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powerd is a user-level software power manager for the XO-1 and XO-1.5 laptops. powerd implements the policy decisions surrounding putting the system into idle-suspend or sleep states, dimming or blanking the screen, shutting down after extended inactivity, etc. Input to powerd's decisions include the laptop's lid and ebook switches, system wakeup events, and the activity levels of the cpu, the camera, the network, and the user.

Configuration is flexible, and is documented both in the powerd script (installed as /usr/sbin/powerd) and in the (text-based) configuration file (/etc/powerd/powerd.conf).

The git repository for powerd is here: http://dev.laptop.org/git/users/pgf/powerd

Design goals

  • Fully support XO power saving capabilities, including:
    • system in S3 with display active
    • wake-on-wlan, and keeping autonomous mesh active during S3
  • No X11 dependency, including for the (minimal) splash-screen UI.
  • Minimal hal/udev/dbus dependency (largely because of the author's background is in the embedded world, but also simply to reduce unnecessary dependencies).


  • Events are communicated to the daemon via a named pipe.
  • User "idleness" is indicated by 4 events: 3 successive idle events, and an "active again" event. These events are provided by an ancillary system daemon which already monitors all user input in order to support other XO-specific keyboard features. (This daemon is known as "kbdshim".)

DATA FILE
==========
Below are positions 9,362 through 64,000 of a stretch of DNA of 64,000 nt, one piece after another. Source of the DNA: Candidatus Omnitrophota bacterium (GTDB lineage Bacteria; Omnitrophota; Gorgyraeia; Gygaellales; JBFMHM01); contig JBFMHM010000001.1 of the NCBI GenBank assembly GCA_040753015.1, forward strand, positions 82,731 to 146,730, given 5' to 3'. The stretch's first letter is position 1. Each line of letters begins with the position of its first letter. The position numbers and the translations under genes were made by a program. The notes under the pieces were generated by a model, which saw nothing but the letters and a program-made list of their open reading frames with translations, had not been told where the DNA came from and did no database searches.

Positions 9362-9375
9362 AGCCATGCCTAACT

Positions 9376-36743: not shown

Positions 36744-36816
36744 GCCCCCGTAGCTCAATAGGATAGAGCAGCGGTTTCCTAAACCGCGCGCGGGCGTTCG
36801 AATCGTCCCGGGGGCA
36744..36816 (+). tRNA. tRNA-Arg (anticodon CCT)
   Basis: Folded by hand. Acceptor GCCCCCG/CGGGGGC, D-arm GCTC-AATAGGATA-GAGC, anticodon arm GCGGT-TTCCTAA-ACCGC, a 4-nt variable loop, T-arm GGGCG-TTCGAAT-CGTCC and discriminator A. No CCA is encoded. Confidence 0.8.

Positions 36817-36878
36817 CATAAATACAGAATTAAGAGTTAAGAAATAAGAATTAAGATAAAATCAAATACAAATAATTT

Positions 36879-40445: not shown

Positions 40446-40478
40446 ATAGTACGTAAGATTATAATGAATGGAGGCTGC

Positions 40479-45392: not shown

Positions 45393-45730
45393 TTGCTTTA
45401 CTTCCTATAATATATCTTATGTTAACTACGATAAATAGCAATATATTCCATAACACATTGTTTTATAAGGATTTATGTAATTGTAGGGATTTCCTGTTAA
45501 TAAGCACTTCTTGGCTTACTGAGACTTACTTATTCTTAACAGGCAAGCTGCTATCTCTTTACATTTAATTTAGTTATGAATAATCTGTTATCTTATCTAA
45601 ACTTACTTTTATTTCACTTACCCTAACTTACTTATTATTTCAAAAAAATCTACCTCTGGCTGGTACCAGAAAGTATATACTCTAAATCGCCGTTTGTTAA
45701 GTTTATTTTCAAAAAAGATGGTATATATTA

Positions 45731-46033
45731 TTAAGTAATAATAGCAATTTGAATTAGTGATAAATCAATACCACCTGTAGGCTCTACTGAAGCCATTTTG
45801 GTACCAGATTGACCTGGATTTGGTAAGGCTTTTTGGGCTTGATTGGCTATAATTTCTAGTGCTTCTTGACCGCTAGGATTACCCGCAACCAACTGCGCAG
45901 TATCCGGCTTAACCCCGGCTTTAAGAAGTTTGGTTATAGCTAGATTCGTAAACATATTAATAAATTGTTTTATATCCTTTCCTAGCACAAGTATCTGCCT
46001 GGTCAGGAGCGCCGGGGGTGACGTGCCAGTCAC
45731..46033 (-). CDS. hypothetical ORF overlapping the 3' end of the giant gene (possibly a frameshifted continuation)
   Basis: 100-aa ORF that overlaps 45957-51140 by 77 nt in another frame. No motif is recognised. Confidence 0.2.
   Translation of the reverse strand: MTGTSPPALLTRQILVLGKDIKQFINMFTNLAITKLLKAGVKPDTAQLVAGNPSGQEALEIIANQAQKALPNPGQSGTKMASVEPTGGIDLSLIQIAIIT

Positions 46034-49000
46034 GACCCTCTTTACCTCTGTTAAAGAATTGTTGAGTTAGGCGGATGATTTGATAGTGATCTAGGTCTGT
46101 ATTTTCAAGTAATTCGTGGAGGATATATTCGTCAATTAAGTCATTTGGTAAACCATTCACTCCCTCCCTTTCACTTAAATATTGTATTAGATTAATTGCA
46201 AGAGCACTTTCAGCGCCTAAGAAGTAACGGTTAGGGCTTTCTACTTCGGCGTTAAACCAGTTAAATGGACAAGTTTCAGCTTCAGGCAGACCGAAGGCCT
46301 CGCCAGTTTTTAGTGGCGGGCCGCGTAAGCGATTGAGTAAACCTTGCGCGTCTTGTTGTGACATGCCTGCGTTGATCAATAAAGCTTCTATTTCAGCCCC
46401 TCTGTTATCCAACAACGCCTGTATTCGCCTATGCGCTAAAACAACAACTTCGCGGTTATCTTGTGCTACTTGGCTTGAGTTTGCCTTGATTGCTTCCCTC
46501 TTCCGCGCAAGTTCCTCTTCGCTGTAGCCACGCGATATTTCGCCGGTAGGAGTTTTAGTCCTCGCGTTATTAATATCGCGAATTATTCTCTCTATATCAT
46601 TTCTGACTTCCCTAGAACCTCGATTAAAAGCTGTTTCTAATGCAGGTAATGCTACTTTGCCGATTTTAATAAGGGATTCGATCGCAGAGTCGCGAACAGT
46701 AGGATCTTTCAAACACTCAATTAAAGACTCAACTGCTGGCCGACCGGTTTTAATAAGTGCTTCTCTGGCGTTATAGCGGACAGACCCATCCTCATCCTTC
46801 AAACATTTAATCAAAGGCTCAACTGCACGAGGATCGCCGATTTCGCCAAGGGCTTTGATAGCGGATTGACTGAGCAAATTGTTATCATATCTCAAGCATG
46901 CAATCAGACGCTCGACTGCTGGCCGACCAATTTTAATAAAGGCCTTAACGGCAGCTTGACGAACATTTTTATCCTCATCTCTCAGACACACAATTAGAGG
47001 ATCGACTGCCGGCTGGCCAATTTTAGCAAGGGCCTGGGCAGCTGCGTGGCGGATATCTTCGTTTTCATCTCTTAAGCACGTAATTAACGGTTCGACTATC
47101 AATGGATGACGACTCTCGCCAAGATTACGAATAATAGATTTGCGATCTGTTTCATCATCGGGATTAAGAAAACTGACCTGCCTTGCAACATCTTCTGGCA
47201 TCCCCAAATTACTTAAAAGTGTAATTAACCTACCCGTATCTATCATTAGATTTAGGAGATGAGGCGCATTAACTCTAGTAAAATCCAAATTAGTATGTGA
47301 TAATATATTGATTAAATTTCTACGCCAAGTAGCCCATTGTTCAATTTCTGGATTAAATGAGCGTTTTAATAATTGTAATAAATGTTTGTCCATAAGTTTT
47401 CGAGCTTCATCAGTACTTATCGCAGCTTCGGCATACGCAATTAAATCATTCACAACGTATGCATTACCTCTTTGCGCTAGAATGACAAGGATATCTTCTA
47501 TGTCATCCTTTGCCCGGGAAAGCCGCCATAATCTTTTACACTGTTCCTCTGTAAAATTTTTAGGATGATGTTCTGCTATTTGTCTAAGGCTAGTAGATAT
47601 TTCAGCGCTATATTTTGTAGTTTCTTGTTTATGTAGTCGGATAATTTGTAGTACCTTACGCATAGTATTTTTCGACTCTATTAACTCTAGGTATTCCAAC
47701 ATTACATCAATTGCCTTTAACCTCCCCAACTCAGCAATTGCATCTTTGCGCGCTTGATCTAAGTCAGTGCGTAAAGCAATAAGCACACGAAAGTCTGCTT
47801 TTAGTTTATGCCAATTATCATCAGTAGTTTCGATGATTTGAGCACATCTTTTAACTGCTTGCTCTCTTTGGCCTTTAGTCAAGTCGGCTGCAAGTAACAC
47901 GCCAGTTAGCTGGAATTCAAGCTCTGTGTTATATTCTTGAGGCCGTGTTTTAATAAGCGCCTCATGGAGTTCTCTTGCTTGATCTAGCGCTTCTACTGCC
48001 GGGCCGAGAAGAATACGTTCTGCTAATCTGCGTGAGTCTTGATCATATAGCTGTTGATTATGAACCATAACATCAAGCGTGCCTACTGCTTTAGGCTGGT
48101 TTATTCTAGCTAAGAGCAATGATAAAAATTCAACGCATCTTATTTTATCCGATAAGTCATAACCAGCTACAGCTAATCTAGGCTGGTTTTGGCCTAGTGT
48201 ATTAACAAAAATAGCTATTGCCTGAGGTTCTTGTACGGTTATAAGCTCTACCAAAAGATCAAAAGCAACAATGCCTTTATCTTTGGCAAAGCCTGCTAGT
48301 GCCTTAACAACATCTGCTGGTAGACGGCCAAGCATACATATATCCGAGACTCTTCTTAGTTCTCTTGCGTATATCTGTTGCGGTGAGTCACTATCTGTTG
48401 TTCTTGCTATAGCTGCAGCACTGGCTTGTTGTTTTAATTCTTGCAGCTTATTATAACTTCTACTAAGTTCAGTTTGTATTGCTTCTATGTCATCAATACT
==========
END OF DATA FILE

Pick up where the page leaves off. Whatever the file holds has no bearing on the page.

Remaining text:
• The three configurable user-idle timers can be configured to dim the screen, turn off the screen, and enter S3 state, in any order (well, "dim" after "screen off" doesn't make much sense). Three different sets of timers are selected, depending on whether the laptop is externally powered, is on battery, or is being used in "ebook" configuration.
  • A fourth timer allows for automatic shutdown when the system has been suspended for "long enough".
  • The major power inputs -- battery levels, external power insertion, the power button, lid switch, ebook-mode switch -- are also communicated by events.
  • Wakeups can come from all the usual sources -- keyboard, lid, power subsystem, wlan, etc. Due to hardware limitations, USB ports are unpowered during suspend, and can't cause wakeups.
  • A "hard" suspend can be forced with the power button or by closing the lid. When in this state, those are the only two configured wakeup events.

Inhibiting suspend

  • Applications inhibit suspend by creating pid-named files, or by touching the modtime on a single well-known file -- either will work. powerd will refuse to do an automatic suspend if any pid-named files exist, or if the touch-file has been touched recently enough. (Abandoned pid-named files are detected and removed, so programs can be wrapped with "touch $$; exec foo" to make them suspend-inhibiting.)
  • In addition, suspend can be inhibited by:
    • the presence of certain USB devices (by class, vendor, or product ID)
    • elevated CPU activity
    • camera in use